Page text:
When Facebook was launched in 2004, the application was designed for use by college students. Teens followed suit imitating their older siblings, and eventually commercial ventures, older adults, nonprofits and just about everyone wanted a Facebook presence. But, now that the site is more commercialized and an over abundance of other social media alternatives exist, teens seem to be using Facebook less and less.
Only 88 percent of teens within the ages of 13 through 17 now use Facebook as a social network, according to a recent survey from Frank N. Magid Associates, a research firm. That is a marked decrease from the 94 percent a mere year before.
Magid’s survey was conducted in September. The firm queried 1,934 people; however, only smartphone users were polled.
Last year, Facebook’s chief financial officer acknowledged that use by younger teens had declined some, but the company dismissed concerns. Last November, the firm’s chief operating officer Sheryl Sandberg claimed, “the vast majority of US teens are on Facebook, and the majority of US teens use Facebook almost every day.” While that may be so, repeated research has soon that young teens favor other social media sites over Facebook and usage is declining.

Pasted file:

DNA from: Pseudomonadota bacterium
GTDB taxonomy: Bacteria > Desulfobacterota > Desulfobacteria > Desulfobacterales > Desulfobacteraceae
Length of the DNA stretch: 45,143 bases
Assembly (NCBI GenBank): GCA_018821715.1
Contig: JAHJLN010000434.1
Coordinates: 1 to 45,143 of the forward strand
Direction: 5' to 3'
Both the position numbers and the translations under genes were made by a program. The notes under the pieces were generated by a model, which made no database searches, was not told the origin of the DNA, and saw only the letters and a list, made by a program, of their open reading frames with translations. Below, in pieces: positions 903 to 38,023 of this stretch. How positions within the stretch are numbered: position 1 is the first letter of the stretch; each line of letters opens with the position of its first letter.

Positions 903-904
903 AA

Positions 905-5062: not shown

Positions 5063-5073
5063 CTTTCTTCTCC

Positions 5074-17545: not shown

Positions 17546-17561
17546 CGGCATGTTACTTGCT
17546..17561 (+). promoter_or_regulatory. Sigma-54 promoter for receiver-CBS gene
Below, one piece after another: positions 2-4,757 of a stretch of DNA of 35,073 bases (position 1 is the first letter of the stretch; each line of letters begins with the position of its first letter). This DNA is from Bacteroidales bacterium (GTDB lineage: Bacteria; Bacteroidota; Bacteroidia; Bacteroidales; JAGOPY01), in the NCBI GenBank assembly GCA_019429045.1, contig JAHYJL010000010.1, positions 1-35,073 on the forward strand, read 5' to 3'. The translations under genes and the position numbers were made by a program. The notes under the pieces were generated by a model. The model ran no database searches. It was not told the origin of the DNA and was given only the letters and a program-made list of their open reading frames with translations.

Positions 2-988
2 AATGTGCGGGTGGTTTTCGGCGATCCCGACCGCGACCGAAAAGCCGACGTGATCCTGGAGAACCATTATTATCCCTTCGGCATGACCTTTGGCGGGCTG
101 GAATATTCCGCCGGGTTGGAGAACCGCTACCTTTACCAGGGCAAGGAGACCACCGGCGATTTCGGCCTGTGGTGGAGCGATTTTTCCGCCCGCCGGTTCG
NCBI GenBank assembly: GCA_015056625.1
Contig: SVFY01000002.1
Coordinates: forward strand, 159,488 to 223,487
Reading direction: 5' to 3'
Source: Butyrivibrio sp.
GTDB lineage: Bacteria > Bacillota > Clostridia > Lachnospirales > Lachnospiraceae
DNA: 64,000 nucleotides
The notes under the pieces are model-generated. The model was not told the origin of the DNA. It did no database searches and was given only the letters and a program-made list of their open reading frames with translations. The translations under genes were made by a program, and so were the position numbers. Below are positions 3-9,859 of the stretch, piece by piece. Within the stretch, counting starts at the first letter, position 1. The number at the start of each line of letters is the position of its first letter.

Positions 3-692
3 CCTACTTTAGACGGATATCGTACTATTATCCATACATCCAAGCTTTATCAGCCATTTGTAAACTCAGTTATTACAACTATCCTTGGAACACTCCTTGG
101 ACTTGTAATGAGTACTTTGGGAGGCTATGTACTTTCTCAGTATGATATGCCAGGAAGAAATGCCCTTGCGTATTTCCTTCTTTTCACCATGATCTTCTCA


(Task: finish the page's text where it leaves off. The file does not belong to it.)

Facebook is still the most popular social networking site in use in English-speaking countries. In fact, there are more than 1 billion users worldwide, so the survey numbers represent a tiny fraction of the total population. However, the Frank N. Magid Associates research actually shows a drop in all age groups. Additionally, Facebook’s own behavior shows some concern on their part. The firm has diversified and acquired some applications that have shown increasing use by teens and others. Their purchases in recent years included Instagram and What’s App.
So what is the latest thing application-wise among teens? According to experts, teens tend to favor messaging apps like Twitter, which should not come as a surprise to anyone who has seen how teen celebrities consistently top trending on Twitter lists.
The Magid report’s authors cite two reasons for Facebook’s declining usage among teen users of social media. The first is that teens have lost their trust in the social network. About 9 percent of those surveyed indicated that they believe Facebook is “trustworthy” or “safe,” versus the 30 percent who believe Pinterest. is trustworthy.
The second reason the respondents cited was the “fun factor.” When the teens surveyed were asked to compare the fun factor of the two Web sites, Pinterest was victorious again. Approximately 40 percent of survey participants described Pinterest as “fun” compared to the 18 percent who said the same for Facebook.
Younger forms of social media, such as Snapchat, Instagram and Pinterest, may seem more fun to teens simply because they tend to be more novel and innovative than the decade old Facebook. Yes, there are things on Facebook to tag, trend and update, but teens have made a culture of using the other photo-sharing apps like games. So teens are choosing them over Facebook more and more as the years go by.
By Dyanne Weiss